In an ideal scenario, sound power measurements should be made in free-field conditions. This is a sound field in which there are no acoustic reflections. One way to visualise this is to imagine being suspended high in the air – any noise that you make is constantly travelling away from you; there is no sound reflected at all. Obviously, this is very impractical in real life, so we use an anechoic chamber. This is lined with acoustically absorbent foam which virtually eliminates acoustic reflections, giving a relatively accurate approximation of free-field conditions.
We also ensure that background noise levels are minimised by having an extremely low ambient noise level within the chamber, thanks to its 'room within a room' design. Because of the way the decibel scale works, if the ambient noise level is more than 10 decibels (dB) below the level of the noise source we are measuring, there will be negligible contribution from the background noise.
The actual noise measurement involves a minimum of ten measurements taken over a hemispherical, cylindrical or parallelepiped surface (a three-dimensional figure formed by six parallelograms) surrounding the noise source, with each measurement point on the surface at a precise position determined by the dimensions of the source under test. The overall level is calculated by logarithmically summing the measurements from the ten microphone positions and averaging over the entire measurement surface.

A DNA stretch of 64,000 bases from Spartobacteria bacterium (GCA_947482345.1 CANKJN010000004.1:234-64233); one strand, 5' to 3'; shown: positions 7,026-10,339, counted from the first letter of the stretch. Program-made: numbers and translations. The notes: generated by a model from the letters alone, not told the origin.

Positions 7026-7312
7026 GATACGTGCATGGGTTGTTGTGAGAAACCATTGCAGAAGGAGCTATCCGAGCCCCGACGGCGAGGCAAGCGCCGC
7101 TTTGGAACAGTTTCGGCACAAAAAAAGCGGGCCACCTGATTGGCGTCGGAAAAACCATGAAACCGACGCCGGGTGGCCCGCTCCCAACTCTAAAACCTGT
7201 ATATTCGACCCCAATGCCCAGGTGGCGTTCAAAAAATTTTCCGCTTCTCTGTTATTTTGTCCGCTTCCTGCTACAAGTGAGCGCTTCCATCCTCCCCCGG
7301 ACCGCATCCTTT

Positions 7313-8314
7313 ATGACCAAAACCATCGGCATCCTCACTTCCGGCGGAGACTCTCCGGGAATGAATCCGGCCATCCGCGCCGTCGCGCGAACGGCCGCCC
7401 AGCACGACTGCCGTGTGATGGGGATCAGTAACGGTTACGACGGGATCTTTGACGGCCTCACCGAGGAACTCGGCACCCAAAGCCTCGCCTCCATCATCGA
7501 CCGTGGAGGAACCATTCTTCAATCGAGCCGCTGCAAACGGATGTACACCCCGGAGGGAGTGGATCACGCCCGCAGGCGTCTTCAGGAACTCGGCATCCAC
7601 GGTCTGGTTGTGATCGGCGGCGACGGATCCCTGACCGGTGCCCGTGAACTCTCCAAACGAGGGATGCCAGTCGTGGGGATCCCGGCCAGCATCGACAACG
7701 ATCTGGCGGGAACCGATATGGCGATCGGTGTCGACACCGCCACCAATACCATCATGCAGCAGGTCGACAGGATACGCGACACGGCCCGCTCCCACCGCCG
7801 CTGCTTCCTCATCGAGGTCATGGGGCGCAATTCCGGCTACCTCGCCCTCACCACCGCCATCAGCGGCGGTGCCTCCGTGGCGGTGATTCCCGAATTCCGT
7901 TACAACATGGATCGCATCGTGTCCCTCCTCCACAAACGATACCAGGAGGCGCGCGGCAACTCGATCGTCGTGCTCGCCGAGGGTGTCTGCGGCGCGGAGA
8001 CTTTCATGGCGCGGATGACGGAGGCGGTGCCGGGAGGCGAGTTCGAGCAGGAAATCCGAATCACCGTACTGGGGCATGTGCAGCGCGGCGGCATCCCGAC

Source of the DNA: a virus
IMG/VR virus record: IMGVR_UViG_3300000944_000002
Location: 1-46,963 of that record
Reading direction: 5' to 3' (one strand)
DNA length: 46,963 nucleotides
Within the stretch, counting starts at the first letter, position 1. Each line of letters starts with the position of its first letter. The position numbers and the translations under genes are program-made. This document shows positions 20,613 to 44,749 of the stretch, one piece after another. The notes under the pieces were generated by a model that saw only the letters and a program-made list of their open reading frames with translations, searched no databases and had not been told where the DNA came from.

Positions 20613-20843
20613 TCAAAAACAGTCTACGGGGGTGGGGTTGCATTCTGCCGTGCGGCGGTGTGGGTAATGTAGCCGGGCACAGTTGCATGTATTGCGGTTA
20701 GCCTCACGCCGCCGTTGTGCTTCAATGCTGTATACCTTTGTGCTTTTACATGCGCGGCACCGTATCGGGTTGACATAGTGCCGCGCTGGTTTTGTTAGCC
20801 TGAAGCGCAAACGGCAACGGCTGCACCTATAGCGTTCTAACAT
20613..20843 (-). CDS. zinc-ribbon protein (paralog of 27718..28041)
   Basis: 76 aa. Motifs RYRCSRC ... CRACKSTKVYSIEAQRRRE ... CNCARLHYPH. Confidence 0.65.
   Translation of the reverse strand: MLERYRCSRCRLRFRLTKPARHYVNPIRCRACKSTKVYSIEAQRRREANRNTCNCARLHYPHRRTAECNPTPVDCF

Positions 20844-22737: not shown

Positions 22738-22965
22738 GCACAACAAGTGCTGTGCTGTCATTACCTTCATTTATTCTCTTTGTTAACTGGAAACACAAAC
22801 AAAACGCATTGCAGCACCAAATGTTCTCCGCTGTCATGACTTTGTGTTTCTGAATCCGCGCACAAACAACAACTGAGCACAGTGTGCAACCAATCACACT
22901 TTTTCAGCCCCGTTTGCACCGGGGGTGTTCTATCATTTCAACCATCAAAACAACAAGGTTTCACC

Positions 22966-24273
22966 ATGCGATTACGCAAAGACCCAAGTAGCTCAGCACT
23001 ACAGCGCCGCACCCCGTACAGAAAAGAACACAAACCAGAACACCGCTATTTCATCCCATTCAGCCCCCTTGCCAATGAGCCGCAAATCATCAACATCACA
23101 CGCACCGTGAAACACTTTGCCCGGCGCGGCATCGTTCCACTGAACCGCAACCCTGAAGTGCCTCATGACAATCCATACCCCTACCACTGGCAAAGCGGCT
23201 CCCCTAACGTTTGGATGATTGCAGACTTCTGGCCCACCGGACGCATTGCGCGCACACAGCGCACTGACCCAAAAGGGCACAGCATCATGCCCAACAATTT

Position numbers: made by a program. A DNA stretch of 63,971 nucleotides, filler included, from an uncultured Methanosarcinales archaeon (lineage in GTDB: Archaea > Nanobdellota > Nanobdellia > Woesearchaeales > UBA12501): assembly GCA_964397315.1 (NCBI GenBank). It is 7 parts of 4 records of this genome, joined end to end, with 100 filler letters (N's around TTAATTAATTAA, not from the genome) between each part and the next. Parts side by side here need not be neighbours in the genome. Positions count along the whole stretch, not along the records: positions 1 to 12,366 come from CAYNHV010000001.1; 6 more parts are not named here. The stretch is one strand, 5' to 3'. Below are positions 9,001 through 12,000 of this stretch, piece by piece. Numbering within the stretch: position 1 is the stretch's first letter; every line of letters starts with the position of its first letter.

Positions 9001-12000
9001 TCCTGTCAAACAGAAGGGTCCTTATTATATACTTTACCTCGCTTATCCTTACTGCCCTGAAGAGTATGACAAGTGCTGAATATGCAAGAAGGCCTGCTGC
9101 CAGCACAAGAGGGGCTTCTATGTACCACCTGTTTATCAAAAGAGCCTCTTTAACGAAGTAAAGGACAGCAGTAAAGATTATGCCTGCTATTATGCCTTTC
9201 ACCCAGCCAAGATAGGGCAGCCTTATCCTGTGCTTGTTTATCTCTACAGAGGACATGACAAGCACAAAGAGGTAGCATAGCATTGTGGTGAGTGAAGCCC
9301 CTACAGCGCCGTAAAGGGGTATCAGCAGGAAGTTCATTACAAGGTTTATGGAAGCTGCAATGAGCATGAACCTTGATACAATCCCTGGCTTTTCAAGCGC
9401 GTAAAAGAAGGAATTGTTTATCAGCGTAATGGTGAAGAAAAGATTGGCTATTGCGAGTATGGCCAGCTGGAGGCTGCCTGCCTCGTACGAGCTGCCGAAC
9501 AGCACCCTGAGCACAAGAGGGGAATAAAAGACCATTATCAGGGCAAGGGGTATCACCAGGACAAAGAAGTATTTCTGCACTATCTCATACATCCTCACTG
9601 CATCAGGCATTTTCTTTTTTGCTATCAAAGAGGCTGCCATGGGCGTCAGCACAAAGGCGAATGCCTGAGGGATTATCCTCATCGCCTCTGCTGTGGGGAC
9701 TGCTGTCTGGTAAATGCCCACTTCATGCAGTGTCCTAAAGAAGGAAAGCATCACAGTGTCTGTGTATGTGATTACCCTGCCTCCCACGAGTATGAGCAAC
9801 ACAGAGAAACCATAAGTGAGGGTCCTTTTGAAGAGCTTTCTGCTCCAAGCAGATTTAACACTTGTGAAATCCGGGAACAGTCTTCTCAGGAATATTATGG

The sound intensity method
The intensity of an acoustic wave is defined as the rate at which energy travels through a unit area, perpendicular to the waves propagation direction. It is measured in watts per metre squared (W/m2), and is a vector quantity (a combination of quantity and direction).
Most commonly, an intensity probe will be used to conduct measurements of this type, simultaneously measuring sound pressure and particle velocity using two closely spaced microphones. This method is similar to the free-field method, as the measurements are made over a hemisphere and averaged over the total measurement surface.
The reverberation method